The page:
The dependents of age under 21 years can extend their stay to remain with the principal E1 status. They must use the Form I-539 to apply. The husband or wife of an E1 may be authorized to work in the U.S. They must use the Form I-765 to apply. In addition, for question 16 of the form, they must apply under category (a)(17). The other dependents may not work in the U.S. As long as the dependents are in E1 status they can attend school without changing to another nonimmigrant status.
E2: Nonimmigrant Treaty Investors
The E-2 classification is authorized for a foreign national who is coming to the United States solely to direct and develop the operations of an enterprise in which the individual has invested or is actively involved in the process of investing a substantial amount of capital. The investment involved must place lawfully acquired, owned, and controlled capital at commercial risk with a profit objective, and it must be subject to loss if the investment fails. If the foreign national is already inside the United States, the individual must submit Form I-129, "Petition for Non-immigrant Worker," to USCIS to request a change of status or an extension of stay. If the foreign national is outside of the United States, the individual must apply for an E-2 visa at a U.S. consular office abroad.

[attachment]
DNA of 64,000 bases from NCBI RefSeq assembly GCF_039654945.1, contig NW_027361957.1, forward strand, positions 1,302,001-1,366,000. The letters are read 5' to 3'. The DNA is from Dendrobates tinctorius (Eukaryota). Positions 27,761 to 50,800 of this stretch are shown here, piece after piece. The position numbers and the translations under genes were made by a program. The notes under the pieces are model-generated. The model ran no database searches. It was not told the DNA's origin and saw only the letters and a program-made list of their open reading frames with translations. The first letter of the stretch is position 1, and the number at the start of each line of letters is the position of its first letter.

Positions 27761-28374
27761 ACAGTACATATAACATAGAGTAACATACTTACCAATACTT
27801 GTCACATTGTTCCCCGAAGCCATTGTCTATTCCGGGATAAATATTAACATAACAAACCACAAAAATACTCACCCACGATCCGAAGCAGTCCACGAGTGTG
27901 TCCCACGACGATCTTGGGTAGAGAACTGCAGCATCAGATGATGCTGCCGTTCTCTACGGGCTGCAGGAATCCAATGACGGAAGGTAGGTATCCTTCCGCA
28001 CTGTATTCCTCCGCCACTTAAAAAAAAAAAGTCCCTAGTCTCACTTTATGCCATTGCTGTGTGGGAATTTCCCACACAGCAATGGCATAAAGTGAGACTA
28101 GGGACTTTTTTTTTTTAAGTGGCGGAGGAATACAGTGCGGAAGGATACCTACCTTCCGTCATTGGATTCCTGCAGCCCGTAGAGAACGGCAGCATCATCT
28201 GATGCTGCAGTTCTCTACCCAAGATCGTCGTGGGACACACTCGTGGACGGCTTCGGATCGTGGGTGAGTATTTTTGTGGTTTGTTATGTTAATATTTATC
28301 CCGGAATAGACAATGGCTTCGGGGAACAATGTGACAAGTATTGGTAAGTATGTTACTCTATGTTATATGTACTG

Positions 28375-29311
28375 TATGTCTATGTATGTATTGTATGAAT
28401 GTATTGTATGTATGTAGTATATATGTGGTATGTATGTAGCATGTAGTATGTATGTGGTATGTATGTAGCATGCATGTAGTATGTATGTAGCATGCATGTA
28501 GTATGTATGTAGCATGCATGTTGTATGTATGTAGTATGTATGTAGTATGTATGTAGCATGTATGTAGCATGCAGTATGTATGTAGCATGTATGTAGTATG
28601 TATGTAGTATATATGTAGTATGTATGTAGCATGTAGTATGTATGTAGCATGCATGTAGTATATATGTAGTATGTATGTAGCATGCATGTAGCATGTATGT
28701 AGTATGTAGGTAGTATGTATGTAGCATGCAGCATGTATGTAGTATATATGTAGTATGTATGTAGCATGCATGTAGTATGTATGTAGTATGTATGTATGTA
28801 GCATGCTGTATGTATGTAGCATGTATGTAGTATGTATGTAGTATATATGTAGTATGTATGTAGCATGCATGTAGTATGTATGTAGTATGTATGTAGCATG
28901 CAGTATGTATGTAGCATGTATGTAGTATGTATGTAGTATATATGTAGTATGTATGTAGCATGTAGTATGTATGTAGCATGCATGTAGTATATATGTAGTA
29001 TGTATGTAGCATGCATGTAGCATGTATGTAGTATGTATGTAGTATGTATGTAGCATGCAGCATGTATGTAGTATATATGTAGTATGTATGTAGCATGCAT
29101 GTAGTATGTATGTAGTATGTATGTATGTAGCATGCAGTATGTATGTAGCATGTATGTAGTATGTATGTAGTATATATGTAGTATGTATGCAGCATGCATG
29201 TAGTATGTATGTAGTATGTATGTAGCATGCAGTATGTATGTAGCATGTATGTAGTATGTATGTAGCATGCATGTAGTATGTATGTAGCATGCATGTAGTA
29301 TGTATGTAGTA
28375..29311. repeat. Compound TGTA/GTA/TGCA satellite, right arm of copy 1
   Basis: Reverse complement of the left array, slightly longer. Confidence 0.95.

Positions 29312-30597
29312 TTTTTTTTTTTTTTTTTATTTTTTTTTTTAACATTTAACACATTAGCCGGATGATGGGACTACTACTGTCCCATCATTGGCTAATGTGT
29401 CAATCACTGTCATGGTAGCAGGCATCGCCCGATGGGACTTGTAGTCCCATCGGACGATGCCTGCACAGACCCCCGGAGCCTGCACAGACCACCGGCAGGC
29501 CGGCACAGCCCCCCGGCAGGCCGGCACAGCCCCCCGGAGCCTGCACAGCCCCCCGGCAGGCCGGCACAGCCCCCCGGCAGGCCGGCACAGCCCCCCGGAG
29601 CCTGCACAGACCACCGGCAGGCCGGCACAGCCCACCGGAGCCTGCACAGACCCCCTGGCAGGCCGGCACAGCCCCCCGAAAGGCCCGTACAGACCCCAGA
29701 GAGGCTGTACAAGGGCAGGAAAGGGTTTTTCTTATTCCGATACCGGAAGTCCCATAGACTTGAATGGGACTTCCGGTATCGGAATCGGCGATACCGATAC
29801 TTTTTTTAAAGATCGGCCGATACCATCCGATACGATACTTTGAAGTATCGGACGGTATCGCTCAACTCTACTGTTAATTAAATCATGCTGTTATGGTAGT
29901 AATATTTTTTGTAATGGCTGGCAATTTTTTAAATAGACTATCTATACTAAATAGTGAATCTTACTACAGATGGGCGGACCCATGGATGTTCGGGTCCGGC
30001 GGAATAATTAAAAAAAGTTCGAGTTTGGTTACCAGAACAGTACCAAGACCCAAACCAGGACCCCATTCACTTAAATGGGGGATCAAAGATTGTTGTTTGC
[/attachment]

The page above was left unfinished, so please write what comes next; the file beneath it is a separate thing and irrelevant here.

The dependents can extend their stay to remain with the principal E2 status. They must use the Form I-539 to apply. The husband or wife of an E2 may be authorized to work in the U.S. They must use the Form I-765 to apply. In addition, for question 16 of the form, they must apply under category (a)(17.) The other dependents may not work in the U.S.
As long as the dependents are in E2 status, they can attend school without changing to another nonimmigrant status.